Here is a suggested format for your email. It doesn’t have to be very long, a few sentences would be fine, but your objection will be more effective if it is in your own words. Please be polite and use moderate language – abusive emails will not help our cause with the Planning Committee.

1 Say who you are (or which group your represent), where you live, etc.

2 Say that if the NYCC approves this application now, it would be a clear signal that they had already decided to allow fracking at Kirby Misperton without hearing all the evidence, which would be a clear case of pre-determination. If the NYCC decides to approve the main fracking application, this may be challenged in court at a later date.

You can also make the point that in Lancashire these were considered at the same time (see above).

3 You can also add comments on the fact that baseline monitoring data obtained from the site would not be reliable because there might already be contamination from conventional gas production (see above).

4 If you live near the well, you can also talk about your worries about how fracking will affect your day-to-day life. If you live elsewhere in North Yorkshire, you can talk about the effect that you think fracking will have on the area. If you live in another part of the UK, you may wish to talk about why you are opposed to fracking in general, and how fracking might affect your likelihood of visiting North Yorkshire.

5 Finally, ask the planning committee to defer the application so that it is considered at the same time, rather than in advance of, the main fracking application. (You could of course ask the NYCC to reject the application, but we feel that it is far more likely that the Committee will defer this, rather than reject it outright.)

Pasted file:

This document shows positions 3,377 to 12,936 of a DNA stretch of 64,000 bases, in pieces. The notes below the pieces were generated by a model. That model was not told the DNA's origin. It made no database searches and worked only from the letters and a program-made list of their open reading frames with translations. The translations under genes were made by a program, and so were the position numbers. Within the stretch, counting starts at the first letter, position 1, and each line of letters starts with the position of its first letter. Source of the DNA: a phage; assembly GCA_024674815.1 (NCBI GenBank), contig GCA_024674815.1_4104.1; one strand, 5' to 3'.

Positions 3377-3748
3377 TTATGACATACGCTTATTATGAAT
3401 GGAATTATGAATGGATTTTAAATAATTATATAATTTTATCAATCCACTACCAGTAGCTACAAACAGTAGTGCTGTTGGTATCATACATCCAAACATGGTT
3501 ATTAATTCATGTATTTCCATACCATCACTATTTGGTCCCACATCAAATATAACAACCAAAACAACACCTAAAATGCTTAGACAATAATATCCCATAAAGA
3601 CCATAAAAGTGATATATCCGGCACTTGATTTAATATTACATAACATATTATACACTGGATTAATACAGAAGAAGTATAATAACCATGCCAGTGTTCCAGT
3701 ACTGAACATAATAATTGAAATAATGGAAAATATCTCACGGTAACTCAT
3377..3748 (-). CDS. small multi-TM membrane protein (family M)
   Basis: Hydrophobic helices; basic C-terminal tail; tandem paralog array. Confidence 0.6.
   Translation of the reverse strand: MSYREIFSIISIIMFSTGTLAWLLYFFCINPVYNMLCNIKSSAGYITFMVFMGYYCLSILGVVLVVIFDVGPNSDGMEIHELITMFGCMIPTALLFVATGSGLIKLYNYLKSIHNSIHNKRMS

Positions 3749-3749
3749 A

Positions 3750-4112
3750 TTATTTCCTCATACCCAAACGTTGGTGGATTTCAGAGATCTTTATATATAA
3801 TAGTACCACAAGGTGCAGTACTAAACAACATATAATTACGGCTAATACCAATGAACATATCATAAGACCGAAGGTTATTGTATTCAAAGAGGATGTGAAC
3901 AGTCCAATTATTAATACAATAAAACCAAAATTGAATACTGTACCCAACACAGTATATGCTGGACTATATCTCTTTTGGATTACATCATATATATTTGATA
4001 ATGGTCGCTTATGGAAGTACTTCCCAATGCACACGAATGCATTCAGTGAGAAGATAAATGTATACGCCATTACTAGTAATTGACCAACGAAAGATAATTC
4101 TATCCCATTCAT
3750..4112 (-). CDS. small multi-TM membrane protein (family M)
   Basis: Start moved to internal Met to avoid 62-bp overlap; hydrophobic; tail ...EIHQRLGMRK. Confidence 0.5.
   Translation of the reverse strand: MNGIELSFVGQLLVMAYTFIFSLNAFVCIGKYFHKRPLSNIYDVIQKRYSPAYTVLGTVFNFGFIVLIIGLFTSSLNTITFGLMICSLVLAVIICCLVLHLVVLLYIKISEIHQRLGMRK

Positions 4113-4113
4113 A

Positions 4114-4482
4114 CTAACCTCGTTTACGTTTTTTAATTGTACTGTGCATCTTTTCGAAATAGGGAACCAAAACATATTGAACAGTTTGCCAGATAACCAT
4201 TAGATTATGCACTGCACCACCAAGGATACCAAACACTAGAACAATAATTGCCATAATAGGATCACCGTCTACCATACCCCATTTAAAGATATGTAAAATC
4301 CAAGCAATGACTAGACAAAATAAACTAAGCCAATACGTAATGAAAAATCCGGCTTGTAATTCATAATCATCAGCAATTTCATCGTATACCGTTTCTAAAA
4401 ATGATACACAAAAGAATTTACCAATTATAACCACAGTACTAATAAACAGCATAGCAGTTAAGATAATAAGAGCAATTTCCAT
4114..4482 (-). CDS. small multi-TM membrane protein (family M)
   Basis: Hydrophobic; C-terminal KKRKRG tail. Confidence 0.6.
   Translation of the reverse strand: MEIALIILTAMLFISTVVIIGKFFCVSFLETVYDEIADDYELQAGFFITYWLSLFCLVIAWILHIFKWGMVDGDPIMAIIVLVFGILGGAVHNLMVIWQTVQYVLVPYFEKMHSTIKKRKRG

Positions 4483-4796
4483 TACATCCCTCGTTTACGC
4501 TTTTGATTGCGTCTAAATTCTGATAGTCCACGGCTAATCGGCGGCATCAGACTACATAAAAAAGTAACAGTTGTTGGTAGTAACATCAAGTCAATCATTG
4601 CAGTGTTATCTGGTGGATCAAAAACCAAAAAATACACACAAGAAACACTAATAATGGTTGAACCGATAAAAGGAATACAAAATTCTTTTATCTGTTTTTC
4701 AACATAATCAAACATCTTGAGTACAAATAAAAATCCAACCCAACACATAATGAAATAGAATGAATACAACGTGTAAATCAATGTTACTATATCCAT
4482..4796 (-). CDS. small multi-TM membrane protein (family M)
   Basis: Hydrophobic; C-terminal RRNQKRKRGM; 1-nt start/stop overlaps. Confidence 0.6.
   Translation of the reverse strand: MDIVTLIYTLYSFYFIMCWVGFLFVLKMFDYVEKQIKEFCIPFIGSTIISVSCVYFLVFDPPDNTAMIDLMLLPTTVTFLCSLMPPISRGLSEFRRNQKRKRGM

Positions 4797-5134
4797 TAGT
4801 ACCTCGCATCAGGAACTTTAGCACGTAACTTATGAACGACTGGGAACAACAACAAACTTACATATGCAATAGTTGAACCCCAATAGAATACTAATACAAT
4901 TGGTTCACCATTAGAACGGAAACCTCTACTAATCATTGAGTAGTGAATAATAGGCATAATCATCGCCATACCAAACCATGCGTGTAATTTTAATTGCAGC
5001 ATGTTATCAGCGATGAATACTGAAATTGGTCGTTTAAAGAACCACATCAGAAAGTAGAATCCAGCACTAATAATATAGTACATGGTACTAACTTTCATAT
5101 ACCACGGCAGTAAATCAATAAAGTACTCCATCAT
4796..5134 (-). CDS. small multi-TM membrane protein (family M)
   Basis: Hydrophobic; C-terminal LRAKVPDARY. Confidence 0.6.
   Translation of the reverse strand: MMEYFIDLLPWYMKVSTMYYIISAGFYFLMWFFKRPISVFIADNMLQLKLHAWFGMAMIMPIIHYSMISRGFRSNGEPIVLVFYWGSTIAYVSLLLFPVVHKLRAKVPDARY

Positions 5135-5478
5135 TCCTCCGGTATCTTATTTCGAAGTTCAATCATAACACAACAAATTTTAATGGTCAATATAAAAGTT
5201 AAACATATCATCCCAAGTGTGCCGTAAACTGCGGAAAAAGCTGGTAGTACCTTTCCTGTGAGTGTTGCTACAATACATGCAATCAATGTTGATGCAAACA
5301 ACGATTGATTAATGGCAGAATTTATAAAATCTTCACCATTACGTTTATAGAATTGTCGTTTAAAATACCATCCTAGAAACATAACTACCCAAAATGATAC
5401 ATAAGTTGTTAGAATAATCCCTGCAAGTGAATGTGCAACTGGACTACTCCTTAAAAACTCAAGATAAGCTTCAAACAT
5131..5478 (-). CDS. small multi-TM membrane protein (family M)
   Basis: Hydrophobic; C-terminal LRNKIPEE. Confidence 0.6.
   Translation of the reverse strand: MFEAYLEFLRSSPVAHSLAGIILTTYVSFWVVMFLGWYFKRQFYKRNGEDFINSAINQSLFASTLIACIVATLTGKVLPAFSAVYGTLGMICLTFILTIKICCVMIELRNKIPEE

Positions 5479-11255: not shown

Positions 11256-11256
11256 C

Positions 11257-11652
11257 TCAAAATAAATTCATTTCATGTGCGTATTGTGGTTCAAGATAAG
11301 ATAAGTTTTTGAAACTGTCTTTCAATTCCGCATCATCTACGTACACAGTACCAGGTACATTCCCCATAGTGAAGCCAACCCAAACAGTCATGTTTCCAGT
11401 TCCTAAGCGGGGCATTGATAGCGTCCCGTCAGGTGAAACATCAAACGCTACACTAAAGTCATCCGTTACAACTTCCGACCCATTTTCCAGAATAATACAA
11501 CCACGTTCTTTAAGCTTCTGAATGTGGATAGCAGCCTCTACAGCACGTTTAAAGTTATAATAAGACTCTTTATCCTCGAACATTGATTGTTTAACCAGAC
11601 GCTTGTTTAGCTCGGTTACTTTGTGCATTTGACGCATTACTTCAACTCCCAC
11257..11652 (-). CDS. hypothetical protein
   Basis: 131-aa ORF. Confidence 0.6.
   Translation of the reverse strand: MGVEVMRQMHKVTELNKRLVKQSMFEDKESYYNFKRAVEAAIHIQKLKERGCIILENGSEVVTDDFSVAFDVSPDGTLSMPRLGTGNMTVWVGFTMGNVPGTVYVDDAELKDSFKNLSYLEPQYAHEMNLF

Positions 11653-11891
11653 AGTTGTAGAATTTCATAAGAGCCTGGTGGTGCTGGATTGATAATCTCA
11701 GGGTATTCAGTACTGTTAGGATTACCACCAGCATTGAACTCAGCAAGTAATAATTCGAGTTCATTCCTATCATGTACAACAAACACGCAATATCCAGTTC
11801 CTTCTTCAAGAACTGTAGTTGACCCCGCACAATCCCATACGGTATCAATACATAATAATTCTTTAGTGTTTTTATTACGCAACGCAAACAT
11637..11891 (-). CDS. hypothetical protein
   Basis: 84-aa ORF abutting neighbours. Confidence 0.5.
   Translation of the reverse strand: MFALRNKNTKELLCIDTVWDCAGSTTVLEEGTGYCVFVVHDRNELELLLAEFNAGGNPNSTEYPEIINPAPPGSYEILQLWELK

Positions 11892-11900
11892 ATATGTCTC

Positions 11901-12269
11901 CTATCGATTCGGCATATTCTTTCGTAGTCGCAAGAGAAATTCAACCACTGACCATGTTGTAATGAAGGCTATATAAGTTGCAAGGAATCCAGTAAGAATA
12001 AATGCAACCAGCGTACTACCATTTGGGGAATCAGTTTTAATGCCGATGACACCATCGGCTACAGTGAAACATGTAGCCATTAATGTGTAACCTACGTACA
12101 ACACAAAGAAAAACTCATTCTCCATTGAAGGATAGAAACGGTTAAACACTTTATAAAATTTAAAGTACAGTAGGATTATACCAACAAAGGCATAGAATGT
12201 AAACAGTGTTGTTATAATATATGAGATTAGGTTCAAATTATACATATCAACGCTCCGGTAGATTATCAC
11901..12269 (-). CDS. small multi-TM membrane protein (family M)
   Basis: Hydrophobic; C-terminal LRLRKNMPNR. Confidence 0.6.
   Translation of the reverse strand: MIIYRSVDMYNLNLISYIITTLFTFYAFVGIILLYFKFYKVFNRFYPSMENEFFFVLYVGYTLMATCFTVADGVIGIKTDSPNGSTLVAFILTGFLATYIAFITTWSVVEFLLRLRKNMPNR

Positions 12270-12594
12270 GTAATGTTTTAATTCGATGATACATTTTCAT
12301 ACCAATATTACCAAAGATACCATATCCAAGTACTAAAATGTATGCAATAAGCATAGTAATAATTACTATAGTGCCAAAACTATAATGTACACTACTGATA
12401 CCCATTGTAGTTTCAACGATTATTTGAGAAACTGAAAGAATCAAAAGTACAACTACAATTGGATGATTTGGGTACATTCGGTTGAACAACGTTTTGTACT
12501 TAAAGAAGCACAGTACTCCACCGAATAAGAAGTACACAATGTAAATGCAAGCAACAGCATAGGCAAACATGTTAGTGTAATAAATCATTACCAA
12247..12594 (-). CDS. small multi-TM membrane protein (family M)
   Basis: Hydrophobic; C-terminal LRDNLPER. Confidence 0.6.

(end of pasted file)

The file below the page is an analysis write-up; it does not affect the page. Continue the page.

This application is due to be heard at the Planning Committee on THURSDAY 1st SEPTEMBER, so there’s no time to lose!

Here’s a copy of the Frack Free Ryedale objection:
Frack Free Ryedale response to planning application NY.2015.0116.FUL

  1. Barbara Redfern
    August 20, 2015 at 15:54

    BARBARA REDFERN

    August 20, 2015 at 3:41 pm
    NY/2015/0116/FULL The application for the monitoring of boreholes must be considered at the same time as any request for a Permit to Frack. If no Permit to Frack was issued then boreholes would not be needed. The two applications were considered together by the Plannjing Committee in Lancashire at Little Plumpton and Roseacre. There is so much obfuscation surrounding Hydraulic Fracturing in the search for and exploitation of shale gas, a fossil fuel, so that people living in the areas affected find it difficult to be fully informed. This government has not initiated any survey of the effects, it has instead wilfully ignored the potential contamination of acquifers from the chemicals necessary for gas extraction, the vast increase and constant movement of heavy plant, harmful fugitive gas and noise of burnoff, and the number of wells needed in a square mile to commercially exploit the site. There is NO SUBSTITUTE FOR WATER.

    Reply
    • Sue Cuthbert
      August 31, 2015 at 08:02

      From Sue Cuthbert,
      I absolutely agree with Barbara Redfern.This is the Government now trying to put pressure on NYCC

      Reply